San Diego State University’s Independent Student Newspaper Since 1913

The Daily Aztec

San Diego State University’s Independent Student Newspaper Since 1913

The Daily Aztec




San Diego State University’s Independent Student Newspaper Since 1913

The Daily Aztec

Super Bowl halftime show salutes illustrious west coast rap heritage

As+stylish+as+ever%2C+Snoop+Dogg+dressed+in+blue+and+yellow%2C+resembling+the+colors+of+the+LA+Rams+uniforms.
Screenshot courtesy of Snoop Dogg’s Instagram
As stylish as ever, Snoop Dogg dressed in blue and yellow, resembling the colors of the LA Rams’ uniforms.

Hip-hop and R&B took center stage at the 2022 Super Bowl halftime show with unforgettable performances from Dr. Dre, Snoop Dogg, Kendrick Lamar, Eminem, and Mary J. Blige. Their performances paid homage to the extensive history and culture of California’s West Coast rap scene.

Dre kicked off the halftime show with a captivating performance of “The Next Episode,” which included Snoop effortlessly c-walking onto the stage. The two California rappers dominated the stage with their throwback hit, even paying tribute to Tupac Shakur’s song “California Love.”

“California Love” perfectly resonated with Los Angeles Rams fans later that evening, with a 23-20 win against the Cincinnati Bengals in their home state. 

Following this performance, a surprise appearance by an upside-down 50 Cent left the audience in shock and disbelief. Of course, this moment went viral on social media with viewers quick to compare him to Spiderman.

However, 50 Cent’s upside-down stance directly referenced his 2003 “In Da Club” music video, which is famously known as a birthday anthem. Though his performance was short-lived, people had plenty to talk about during his brief appearance on stage.

Transitioning from 50 Cent’s performance, Mary J. Blige wowed viewers with her white crystalized bodysuit and thigh-high boots. Blige enthusiastically performed her hit song “Family Affair” until she swiftly moved into performing her emotional ballad, “No More Drama.”

This song appeared to be out of place since it disrupted the crowd’s party-like momentum. But regardless of the song choice, Blige’s powerful voice was still enjoyable to listen to.

Following Blige, Lamar performed “m.A.A.d city” with a synchronized group of dancers dressed in black suits and Dre Day sashes. The camera work was meticulously planned to capture Lamar and his dancers from a variety of angles. He later ended his performance with his politically charged song, “Alright.”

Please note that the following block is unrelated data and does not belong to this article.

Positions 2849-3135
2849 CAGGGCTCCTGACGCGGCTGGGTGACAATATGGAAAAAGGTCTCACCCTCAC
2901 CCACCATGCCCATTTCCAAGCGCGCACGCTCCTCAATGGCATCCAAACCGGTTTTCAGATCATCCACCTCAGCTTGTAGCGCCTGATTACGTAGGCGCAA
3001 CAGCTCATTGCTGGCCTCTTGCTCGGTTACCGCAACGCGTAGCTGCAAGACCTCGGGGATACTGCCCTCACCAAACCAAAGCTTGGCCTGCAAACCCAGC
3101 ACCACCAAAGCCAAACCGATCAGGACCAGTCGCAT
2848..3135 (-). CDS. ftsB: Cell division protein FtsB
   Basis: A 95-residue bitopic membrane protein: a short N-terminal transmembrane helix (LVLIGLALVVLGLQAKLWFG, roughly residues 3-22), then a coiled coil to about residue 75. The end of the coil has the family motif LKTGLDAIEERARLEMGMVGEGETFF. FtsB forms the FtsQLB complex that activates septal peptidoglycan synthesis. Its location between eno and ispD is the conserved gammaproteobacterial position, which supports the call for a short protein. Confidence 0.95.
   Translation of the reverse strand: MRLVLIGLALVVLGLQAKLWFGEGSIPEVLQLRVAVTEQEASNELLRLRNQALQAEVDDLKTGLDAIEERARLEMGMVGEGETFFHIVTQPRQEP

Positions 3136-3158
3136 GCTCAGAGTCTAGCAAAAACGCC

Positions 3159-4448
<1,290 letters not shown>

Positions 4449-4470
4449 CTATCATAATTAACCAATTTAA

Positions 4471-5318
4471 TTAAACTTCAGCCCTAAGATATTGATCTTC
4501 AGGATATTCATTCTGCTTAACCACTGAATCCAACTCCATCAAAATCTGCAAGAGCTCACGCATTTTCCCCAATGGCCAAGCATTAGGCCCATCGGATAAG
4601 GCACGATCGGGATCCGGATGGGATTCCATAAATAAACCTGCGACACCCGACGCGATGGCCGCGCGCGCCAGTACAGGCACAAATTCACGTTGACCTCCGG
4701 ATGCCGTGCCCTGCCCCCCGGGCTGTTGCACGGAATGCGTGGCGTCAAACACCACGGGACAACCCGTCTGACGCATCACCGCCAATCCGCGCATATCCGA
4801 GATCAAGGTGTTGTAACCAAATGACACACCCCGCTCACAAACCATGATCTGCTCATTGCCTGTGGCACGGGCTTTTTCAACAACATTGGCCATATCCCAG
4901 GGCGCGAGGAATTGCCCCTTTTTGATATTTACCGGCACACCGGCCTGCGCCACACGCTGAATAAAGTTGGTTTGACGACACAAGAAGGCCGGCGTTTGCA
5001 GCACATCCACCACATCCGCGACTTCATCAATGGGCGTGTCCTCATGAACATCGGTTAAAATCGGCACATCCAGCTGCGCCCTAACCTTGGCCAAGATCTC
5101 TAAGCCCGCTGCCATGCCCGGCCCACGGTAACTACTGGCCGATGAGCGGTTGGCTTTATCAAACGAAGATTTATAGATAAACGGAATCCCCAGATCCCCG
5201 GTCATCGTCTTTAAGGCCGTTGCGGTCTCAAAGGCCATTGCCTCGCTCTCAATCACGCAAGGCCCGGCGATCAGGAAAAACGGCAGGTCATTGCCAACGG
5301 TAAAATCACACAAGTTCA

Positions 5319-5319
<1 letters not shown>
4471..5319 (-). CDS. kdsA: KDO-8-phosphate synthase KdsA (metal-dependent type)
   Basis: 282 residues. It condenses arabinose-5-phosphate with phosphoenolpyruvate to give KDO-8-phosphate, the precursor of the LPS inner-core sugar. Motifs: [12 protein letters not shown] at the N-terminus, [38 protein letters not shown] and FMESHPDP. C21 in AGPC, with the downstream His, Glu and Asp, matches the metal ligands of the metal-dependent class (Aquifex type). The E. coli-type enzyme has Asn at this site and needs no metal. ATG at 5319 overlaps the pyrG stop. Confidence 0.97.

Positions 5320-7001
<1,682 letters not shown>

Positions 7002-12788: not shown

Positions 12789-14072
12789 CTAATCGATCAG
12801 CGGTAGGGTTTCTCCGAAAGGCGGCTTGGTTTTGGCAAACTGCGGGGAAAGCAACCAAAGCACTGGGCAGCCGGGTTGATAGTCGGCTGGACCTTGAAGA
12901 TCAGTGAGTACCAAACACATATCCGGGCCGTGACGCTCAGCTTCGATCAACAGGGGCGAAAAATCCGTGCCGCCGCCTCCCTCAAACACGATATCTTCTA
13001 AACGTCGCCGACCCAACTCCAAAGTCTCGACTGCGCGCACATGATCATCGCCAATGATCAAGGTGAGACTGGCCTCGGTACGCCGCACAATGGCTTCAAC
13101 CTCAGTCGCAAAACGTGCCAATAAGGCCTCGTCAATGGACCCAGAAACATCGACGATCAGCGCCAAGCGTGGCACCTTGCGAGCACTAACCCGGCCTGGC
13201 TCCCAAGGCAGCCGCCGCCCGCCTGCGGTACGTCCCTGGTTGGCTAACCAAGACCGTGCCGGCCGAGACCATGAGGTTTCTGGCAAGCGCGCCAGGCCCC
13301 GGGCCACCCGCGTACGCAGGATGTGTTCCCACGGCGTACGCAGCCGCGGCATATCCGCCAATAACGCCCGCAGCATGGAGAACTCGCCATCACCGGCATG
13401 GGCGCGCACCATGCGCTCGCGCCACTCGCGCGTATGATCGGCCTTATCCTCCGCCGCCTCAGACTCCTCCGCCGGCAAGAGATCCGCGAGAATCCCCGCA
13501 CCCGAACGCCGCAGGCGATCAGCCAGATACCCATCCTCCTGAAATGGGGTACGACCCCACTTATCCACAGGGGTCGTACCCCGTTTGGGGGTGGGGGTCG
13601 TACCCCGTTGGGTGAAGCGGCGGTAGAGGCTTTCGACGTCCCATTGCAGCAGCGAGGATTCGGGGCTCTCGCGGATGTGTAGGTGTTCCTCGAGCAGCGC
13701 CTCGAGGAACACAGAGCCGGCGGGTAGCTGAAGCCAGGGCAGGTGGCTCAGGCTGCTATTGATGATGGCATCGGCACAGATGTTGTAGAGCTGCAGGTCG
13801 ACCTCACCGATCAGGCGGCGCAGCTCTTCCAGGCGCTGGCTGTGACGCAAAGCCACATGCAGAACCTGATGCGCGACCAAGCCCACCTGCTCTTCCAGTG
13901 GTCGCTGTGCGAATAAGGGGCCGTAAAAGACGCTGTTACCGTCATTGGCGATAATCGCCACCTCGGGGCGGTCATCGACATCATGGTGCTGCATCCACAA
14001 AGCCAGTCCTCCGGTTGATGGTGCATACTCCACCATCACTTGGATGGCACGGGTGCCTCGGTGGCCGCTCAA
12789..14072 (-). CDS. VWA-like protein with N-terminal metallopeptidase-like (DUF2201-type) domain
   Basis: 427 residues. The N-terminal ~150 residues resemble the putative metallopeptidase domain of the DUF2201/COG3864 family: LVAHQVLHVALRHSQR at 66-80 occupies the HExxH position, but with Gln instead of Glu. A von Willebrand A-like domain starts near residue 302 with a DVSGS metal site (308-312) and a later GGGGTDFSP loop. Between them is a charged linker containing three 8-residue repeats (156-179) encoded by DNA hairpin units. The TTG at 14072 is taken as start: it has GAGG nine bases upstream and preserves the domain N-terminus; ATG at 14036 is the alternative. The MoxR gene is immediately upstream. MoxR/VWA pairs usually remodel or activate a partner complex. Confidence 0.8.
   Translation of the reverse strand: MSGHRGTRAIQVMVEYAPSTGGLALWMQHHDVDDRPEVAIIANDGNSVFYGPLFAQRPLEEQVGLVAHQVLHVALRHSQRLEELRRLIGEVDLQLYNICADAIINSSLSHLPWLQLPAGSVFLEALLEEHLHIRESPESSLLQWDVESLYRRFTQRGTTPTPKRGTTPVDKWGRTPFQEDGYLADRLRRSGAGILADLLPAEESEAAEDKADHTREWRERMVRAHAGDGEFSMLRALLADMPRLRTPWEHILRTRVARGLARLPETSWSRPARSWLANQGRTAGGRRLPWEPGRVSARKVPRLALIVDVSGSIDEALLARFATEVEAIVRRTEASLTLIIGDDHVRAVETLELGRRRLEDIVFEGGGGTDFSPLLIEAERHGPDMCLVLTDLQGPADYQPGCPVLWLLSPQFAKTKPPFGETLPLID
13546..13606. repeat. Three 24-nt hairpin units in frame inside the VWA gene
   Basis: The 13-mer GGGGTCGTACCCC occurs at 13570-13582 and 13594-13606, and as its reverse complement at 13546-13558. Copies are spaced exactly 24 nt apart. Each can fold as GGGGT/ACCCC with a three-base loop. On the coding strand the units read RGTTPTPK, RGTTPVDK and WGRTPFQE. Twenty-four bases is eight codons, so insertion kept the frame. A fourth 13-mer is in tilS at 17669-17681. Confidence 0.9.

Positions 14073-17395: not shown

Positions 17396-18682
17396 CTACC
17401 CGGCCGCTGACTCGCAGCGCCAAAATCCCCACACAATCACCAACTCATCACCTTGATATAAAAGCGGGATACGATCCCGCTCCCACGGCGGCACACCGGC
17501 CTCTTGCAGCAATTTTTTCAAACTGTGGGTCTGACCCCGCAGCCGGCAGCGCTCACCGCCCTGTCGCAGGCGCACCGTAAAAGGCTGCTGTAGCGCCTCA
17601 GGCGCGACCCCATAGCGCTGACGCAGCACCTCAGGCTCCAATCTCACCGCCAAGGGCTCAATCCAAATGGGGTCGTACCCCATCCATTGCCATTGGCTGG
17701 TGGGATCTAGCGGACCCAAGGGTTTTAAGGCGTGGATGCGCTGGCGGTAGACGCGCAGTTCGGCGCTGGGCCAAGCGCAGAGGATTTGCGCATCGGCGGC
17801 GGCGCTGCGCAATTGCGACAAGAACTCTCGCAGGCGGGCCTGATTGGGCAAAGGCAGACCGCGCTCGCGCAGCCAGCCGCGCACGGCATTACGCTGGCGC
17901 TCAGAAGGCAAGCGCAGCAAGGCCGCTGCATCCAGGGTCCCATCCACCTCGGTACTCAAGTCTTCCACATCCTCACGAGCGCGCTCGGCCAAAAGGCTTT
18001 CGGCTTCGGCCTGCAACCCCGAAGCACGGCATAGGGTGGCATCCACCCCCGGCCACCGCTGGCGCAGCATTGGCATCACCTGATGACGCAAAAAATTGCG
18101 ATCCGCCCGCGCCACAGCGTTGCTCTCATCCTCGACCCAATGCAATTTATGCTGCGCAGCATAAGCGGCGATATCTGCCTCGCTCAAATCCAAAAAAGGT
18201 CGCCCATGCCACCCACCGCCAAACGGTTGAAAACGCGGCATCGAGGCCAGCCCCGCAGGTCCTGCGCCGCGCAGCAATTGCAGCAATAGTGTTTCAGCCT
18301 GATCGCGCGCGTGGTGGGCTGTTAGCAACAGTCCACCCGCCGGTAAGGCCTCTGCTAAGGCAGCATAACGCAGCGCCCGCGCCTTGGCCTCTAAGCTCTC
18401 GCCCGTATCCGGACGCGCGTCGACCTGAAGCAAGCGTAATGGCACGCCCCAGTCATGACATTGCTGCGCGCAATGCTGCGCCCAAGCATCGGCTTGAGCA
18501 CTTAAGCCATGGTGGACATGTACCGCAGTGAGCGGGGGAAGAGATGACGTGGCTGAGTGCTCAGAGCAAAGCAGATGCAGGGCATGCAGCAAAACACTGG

It was a surprise that Lamar performed a couple of his older hits, rather than any songs from his 2017 album “DAMN.” Nevertheless, the songs he chose were still iconic enough to overlook this occurrence.

Finally, Eminem took the stage and rapped some lines from “Forgot About Dre,” which elicited a roaring applause from the crowd. An immediate transition to “Lose Yourself” sent the crowd into a frenzy. In his lengthy performance, Eminem was backed on the drums by Anderson Paak.

Towards the end of his performance, Eminem took a knee on stage in honor of former NFL quarterback Colin Kaepernick, who knelt in protest of racial injustice and police brutality in 2016. This was by far the most controversial moment in this year’s halftime show.

As Eminem knelt on stage, Dre played the keys of “Still Dre” on the piano. Snoop rejoined Dre on stage, and eventually, all the other artists gathered to perform the last song.

This year’s Super Bowl halftime show was definitely one for the books. The performances from these legendary artists not only highlighted hip-hop’s west coast heritage from past to present, but allowed the genre to thrive on sports’ biggest stage for the first time.

About the Contributor
Jazlyn Dieguez, '23-24 Social Media Editor
Jazlyn Dieguez (she/her/hers) is a fourth-year journalism major minoring in creative editing and publishing from Salinas, California. She possesses a strong drive to pursue a career in the entertainment industry, showcasing her talents across various mediums including social media, broadcasting and writing. Prior to assuming the role of social media editor for The Daily Aztec, Dieguez served as a staff writer for The Daily Aztec's Arts and Culture section and held the position of vice president of writing & copy for The Look Magazine, SDSU's first student-run arts, fashion and culture publication. Currently, Dieguez has taken on the responsibilities of vice president for SDSU's Society of Professional Journalists chapter and social media editor for SDSU's National Association of Hispanic Journalists chapter. Apart from her academic pursuits, Dieguez enjoys binge-watching TV shows, discovering new music, traveling to new locations and staying up-to-date with the latest trends in fashion.
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San Diego State University’s Independent Student Newspaper Since 1913
Super Bowl halftime show salutes illustrious west coast rap heritage